PACE Legislation = Good Governance?

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The original post was modified on October 25, 2018 to now include our podcast on this issue. Click Here to listen to - The Hitchhiker’s Guide to PACE Transparency.

Did you ever read the book The Hitchhiker’s Guide to the Galaxy by Douglas Adams? The novel lampoons government bureaucracy, the endless red tape, paperwork and the numerous hurdles and blunders of a political system.

In a nutshell it is a story about Arthur Dent, whose home is in the way of a planned local road. Coincidentally, earth is in the way of a intergalactic highway. Obviously bureaucracy knows no bounds in or out of our solar system. One day, Mr. Dent wakes up and realizes his house is about to be bulldozed and complains that the government did a terrible job of making their plans known. He is told that the plans have been on “display” for his approval or disapproval in the cellar of the planning office. It was up to him to come and find the information.

Sitting in Loveland council chambers on October 17th, for a special meeting called on a Wednesday night and awaiting the vote ( again) regarding PACE financing, I heard several comments from various council members regarding the handling of this complicated and never before implemented legislation:

Vice Mayor Rob Weisgerber stated “all of council and the public were able to hear the dialogue in regard to the pluses, minuses, risks and how there is no real risk to the city.”

Councilman Tim Butler stated “questions have been addressed and answered.”

Mayor Kathy Bailey states “anyone could come to a meeting and speak in open forum.”   

After these comments I couldn’t help but be transported to the “hitchhiker’s galaxy” and its central theme about bureaucracy and blunders associated with the political system. I realized at this point that I was watching what many people fear about our government – by all appearances and actions the majority of council acted in a way that is not good governance for the city.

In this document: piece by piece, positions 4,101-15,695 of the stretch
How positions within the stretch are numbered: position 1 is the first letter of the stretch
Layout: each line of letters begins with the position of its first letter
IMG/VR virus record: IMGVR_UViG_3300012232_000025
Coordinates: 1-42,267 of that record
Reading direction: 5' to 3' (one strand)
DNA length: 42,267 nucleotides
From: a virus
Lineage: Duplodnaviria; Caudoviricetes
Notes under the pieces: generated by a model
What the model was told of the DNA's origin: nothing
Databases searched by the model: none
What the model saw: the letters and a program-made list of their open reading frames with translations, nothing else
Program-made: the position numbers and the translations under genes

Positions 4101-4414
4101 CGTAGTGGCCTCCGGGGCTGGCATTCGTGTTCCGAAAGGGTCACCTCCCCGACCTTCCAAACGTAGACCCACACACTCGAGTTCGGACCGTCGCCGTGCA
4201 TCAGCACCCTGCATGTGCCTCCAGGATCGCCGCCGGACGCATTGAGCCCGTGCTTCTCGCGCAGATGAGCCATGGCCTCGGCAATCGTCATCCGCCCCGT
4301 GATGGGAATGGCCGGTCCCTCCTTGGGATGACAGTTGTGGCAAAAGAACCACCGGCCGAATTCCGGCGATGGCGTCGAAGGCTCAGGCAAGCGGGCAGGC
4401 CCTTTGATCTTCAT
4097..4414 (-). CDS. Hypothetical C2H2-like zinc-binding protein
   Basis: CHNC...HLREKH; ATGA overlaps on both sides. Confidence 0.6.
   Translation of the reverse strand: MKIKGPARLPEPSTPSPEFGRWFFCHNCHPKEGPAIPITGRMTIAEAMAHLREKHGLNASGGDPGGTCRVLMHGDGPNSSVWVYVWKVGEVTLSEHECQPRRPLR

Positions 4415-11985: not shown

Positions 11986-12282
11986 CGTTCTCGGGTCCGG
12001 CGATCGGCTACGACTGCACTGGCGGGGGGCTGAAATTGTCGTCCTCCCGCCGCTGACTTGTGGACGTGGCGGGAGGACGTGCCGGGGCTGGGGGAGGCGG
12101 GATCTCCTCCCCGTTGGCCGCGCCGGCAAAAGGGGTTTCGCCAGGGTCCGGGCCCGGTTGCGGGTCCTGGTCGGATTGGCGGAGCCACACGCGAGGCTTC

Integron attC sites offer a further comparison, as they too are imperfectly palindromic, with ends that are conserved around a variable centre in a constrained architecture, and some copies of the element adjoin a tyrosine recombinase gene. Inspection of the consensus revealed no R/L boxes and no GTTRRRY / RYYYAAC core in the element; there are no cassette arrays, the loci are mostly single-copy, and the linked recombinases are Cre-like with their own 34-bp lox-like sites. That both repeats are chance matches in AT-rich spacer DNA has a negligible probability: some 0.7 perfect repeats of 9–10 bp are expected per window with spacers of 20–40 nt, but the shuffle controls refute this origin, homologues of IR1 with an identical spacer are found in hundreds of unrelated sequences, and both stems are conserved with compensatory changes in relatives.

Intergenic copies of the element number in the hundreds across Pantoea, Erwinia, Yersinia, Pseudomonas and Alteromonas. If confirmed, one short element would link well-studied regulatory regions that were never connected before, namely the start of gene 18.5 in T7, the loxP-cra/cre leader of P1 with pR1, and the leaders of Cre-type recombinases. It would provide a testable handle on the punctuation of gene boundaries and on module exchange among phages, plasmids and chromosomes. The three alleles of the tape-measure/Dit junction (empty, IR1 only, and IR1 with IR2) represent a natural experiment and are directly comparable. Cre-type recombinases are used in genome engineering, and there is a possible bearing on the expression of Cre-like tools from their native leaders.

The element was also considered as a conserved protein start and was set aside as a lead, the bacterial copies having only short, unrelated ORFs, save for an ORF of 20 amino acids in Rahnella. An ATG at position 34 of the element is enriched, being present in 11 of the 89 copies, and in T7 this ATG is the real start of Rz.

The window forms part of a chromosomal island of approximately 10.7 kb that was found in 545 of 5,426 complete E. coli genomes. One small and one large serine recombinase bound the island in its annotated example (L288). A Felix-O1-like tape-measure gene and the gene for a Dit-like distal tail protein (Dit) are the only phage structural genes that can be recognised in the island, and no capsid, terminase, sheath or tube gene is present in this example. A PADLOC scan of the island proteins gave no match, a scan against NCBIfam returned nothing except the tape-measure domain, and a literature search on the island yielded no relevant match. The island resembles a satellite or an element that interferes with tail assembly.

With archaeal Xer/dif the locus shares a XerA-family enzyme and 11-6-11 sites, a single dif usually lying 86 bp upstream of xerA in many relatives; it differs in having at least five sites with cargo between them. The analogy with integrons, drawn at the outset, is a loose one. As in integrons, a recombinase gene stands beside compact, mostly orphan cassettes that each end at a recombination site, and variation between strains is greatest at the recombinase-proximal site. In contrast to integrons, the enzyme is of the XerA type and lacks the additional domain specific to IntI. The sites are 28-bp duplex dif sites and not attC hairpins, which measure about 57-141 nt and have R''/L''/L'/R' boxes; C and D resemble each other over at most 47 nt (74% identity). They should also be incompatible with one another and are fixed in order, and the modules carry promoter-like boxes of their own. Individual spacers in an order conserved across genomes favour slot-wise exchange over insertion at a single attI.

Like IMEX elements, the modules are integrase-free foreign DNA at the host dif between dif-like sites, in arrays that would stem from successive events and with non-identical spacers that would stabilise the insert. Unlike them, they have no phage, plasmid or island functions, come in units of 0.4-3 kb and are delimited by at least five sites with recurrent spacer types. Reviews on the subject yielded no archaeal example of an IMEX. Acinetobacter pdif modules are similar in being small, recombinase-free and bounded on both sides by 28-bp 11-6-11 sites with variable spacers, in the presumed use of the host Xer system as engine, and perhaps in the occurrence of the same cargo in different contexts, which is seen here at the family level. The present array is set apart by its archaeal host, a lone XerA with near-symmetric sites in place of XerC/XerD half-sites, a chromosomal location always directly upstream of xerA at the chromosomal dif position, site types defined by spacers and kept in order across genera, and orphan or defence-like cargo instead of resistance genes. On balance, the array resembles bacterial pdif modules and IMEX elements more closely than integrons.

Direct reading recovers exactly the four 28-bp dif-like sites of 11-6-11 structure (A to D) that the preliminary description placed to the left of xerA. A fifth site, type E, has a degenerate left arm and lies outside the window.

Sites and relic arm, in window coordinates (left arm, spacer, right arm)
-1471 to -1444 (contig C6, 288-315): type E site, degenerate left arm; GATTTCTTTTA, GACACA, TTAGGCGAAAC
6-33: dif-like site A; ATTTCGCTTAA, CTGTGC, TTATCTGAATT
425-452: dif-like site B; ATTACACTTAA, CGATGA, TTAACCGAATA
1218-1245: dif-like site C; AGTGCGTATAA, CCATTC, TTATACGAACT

Let’s review why I say that, and we will start with the legislation itself. I am going to give you the CliffsNotes version of events so if you want a more detailed look at the entire process, documentation and discussion, CLICK HERE  

The legislation was created for the owners of West Loveland Holdings Ltd and presented to council as an “emergency.”  The city must adopt five pieces of legislation to accommodate funding through the Property Assessed Clean Energy (PACE) program. This is a special type of financing that requires a municipality to levy a special assessment and create an energy special improvement district (ESID). While this program is not particularly new in Ohio, having been established around 2009, it is new to the city and has never been implemented in Loveland. City Manager Dave Kennedy states in his legislative memorandum “the program and presented legislations are complicated, and a best effort to explain the process is included in this memo.”

Mayor Kathy Bailey states “Mr. Malof had invested a lot of money in the city and is trying to move his project forward with a simple request.”